De Cecco M, Criscione SW, Peckham EJ, Hillenmeyer S, Hamm EA, Manivannan J, Peterson AL, Kreiling JA, Neretti N, Sedivy JM (2013) Genomes of replicatively senescent cells undergo global epigenetic changes leading to gene silencing and activation of transposable elements. Aging Cell, 12, 247–256.

Teoli J, Merenciano M, Fablet M, Necsulea A, Siqueira-de-Oliveira D, Brandulas-Cammarata A, Labalme A, Lejeune H, Lemaitre J-F, Gueyffier F,  Sanlaville D, Bardel C, Vieira C, Marais GAB, Plotton I (2024) Transposable element expression with variation in sex chromosome number supports a toxic Y effect on human longevity. bioRxiv, ver. 5 peer-reviewed and recommended by Peer Community in Genomics.

Van Meter M, Kashyap M, Rezazadeh S, Geneva AJ, Morello TD, Seluanov A,  Gorbunova V (2014) SIRT6 represses LINE1 retrotransposons by ribosylating KAP1 but this repression fails with stress and age. Nature Communications, 5, 5011.



Conflict of interest:
The recommender in charge of the evaluation of the article and the reviewers declared that they have no conflict of interest (as defined in the code of conduct of PCI) with the authors or with the content of the article. The authors declared that they comply with the PCI rule of having no financial conflicts of interest in relation to the content of the article.

Reviewed by anonymous reviewer 2, 30 May 2024

I have read the new version of the manuscript and the authors have addressed most of my comments.

The paragraph L439-461 is important as it provides more nuance on the way TE expression may be associated with ageing. I would recommend that this appears more clearly in the Introduction which is still mostly revolving around the idea of somatic mutation. 

Section Data, scripts, code, and supplementary information availability

I note that the scripts will be "made available upon request". However there is a Github which could be edited to add a few pieces of information. I would recommend that the ling appears in the manuscript to help readers who may be interested in reproducing or testing the pipeline.


Reviewed by anonymous reviewer 3, 02 May 2024

Evaluation round #1

DOI or URL of the preprint:

Version of the preprint: 1

Author's Reply, 30 Mar 2024

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We posted the final formatted version on the preprint server (no track change mode).

Please find the author's reply to reviewers attached as a PDF file.

Best regards.

Decision by ORCID_LOGO, posted 16 Nov 2023, validated 22 Nov 2023

In this article, Teoli et al analyzed the variation in the expression level of transposable element (TE) insertions in RNAseq datasets from individuals with various numbers of sex chromosomes in order to test the toxic effect of Y on human lifespan, a fascinating but still controversial subject.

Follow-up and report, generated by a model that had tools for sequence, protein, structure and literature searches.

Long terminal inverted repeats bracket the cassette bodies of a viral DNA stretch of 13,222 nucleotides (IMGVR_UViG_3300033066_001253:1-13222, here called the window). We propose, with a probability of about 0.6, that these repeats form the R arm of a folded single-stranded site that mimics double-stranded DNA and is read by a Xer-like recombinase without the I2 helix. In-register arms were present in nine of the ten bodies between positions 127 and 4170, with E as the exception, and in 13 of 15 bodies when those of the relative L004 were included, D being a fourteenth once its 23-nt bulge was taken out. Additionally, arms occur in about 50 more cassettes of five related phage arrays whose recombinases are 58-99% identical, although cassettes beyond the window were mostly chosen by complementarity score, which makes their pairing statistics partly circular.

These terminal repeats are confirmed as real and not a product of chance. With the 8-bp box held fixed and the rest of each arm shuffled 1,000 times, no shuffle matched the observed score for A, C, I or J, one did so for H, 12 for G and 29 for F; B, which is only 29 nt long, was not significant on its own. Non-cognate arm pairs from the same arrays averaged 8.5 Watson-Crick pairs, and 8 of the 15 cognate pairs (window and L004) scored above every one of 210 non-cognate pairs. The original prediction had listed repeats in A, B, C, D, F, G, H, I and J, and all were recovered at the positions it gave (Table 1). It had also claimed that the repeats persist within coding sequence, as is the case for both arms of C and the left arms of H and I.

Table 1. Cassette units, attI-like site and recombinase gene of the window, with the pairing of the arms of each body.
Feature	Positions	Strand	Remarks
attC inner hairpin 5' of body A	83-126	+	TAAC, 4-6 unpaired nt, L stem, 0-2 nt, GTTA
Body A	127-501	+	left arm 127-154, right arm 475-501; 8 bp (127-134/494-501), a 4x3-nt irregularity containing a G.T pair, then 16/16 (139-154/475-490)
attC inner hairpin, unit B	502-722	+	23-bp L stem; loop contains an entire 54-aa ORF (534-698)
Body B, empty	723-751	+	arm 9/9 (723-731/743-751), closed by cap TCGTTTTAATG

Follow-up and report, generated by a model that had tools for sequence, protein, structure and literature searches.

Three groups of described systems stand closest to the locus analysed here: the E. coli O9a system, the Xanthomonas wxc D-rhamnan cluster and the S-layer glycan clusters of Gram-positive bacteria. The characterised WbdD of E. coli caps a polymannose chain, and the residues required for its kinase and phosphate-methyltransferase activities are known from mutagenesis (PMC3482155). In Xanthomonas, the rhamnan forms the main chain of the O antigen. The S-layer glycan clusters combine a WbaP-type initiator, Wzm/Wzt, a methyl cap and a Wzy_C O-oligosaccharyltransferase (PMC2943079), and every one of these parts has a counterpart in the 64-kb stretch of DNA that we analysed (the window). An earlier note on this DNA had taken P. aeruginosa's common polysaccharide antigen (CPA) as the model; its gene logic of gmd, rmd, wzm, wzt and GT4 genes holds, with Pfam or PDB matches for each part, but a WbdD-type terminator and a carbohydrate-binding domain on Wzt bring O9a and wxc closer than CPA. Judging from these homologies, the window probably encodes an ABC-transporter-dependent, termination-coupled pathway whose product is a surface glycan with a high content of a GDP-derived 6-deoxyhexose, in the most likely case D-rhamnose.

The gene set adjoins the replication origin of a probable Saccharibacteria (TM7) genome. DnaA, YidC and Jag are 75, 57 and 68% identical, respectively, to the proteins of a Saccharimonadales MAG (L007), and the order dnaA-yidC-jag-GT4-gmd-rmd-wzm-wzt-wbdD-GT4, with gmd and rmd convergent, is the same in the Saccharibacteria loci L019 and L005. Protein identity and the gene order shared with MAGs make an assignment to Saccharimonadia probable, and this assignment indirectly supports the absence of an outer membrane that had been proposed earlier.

Specifically, they tested two predictions. These predictions suggest that the genomes of an older man should harbor more TEs compared to those of an older woman, due to the toxic effect of the Y chromosome and less efficient epigenetic regulation with age. In addition, they also tested whether TE expression varies with the number of Y chromosome using RNA resequencing data from 25 blood samples from individuals with different karyotypic compositions (46,XX, 46,XY, 47,XXY and 47,XYY). 

However, the two reviewers noted several points which it seems important to address. One important point concerns the methodology of part 1, in which you present the analysis of a selected subset of GTEx data. Although reviewer 1 appreciates your honesty about your hindsight on the results of this part, the justification of the choice of data and filters used is missing. Reviewer 2 also suggested to look at the TEs that are expected to be more likely involved in somatic mutations.

As I believe this is a relevant topic that will be of interest to the community, I encourage the authors to respond carefully to the various points highlighted by the reviewers, and to resubmit their article.

Reviewed by anonymous reviewer 1, 02 Oct 2023

In this manuscript, Teoli and colleagues analyse expression data from human individuals to test the hypothesis of the Toxic Y, which could be involved in explaining the shorter lifespan of males compared to females in our species and many others. They used two independent datasets: 1. the blood RNA-seq data from the Genotype-Tissue Expression (GTEx) project and 2. a blood RNA-seq dataset from several individuals with different karyotypes generated by the authors. Analyses of dataset 1 provided some support for the prediction that TEs reactivate in old individuals, particularly in males. However, the structure of the data prevented the author from drawing firm conclusions and the results are quite noisy. The analyses of the second dataset provide better support for the second prediction, which suggests that TE expression is associated with the number of Y chromosomes.